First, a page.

• A61B1/00Instruments for performing medical examinations of the interior of cavities or tubes of the body by visual or photographical inspection, e.g. endoscopes; Illuminating arrangements therefor
    • A61B1/06Instruments for performing medical examinations of the interior of cavities or tubes of the body by visual or photographical inspection, e.g. endoscopes; Illuminating arrangements therefor with illuminating arrangements
    • A61B1/0607Instruments for performing medical examinations of the interior of cavities or tubes of the body by visual or photographical inspection, e.g. endoscopes; Illuminating arrangements therefor with illuminating arrangements for annular illumination
    • AHUMAN NECESSITIES
    • A61MEDICAL OR VETERINARY SCIENCE; HYGIENE
    • A61BDIAGNOSIS; SURGERY; IDENTIFICATION
    • A61B1/00Instruments for performing medical examinations of the interior of cavities or tubes of the body by visual or photographical inspection, e.g. endoscopes; Illuminating arrangements therefor
    • A61B1/06Instruments for performing medical examinations of the interior of cavities or tubes of the body by visual or photographical inspection, e.g. endoscopes; Illuminating arrangements therefor with illuminating arrangements
    • A61B1/07Instruments for performing medical examinations of the interior of cavities or tubes of the body by visual or photographical inspection, e.g. endoscopes; Illuminating arrangements therefor with illuminating arrangements using light-conductive means, e.g. optical fibres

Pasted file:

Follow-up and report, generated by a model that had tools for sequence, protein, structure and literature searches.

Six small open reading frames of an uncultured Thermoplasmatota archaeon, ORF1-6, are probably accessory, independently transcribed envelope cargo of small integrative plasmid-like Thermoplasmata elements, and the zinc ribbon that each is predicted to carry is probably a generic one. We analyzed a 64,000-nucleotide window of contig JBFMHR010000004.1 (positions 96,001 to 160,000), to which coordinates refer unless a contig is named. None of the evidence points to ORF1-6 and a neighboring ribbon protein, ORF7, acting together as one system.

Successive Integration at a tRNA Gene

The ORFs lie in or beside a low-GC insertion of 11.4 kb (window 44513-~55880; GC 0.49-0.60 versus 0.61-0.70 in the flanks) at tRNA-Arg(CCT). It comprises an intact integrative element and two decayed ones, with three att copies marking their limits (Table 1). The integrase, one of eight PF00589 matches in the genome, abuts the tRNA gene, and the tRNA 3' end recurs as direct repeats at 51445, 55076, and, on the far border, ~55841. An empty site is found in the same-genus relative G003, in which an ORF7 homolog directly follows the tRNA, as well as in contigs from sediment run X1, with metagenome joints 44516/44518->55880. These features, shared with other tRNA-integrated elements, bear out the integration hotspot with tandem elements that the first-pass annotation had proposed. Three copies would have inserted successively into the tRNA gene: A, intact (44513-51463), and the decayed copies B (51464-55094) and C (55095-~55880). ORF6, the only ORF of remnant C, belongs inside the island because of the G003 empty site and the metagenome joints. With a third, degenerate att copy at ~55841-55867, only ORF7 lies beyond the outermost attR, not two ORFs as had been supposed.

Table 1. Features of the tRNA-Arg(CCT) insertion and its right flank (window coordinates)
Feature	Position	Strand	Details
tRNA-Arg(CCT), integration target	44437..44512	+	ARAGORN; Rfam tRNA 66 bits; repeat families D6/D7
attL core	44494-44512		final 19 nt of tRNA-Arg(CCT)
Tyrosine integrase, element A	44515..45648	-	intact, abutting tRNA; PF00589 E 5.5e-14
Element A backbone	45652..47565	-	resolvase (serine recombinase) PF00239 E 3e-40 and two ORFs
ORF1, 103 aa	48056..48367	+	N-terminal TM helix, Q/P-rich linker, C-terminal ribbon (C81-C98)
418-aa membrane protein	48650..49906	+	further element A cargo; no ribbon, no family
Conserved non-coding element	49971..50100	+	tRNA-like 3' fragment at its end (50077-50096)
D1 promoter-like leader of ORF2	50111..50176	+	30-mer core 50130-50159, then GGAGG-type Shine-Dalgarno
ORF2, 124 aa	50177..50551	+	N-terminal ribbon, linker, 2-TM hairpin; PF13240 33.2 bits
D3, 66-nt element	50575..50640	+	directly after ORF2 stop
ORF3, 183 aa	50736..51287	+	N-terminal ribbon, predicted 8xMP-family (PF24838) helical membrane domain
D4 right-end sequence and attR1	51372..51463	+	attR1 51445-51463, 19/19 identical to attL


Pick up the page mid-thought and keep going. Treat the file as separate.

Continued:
• AHUMAN NECESSITIES
    • A61MEDICAL OR VETERINARY SCIENCE; HYGIENE
    • A61BDIAGNOSIS; SURGERY; IDENTIFICATION
    • A61B1/00Instruments for performing medical examinations of the interior of cavities or tubes of the body by visual or photographical inspection, e.g. endoscopes; Illuminating arrangements therefor
    • A61B1/012Instruments for performing medical examinations of the interior of cavities or tubes of the body by visual or photographical inspection, e.g. endoscopes; Illuminating arrangements therefor characterised by internal passages or accessories therefor
    • A61B1/018Instruments for performing medical examinations of the interior of cavities or tubes of the body by visual or photographical inspection, e.g. endoscopes; Illuminating arrangements therefor characterised by internal passages or accessories therefor for receiving instruments

Abstract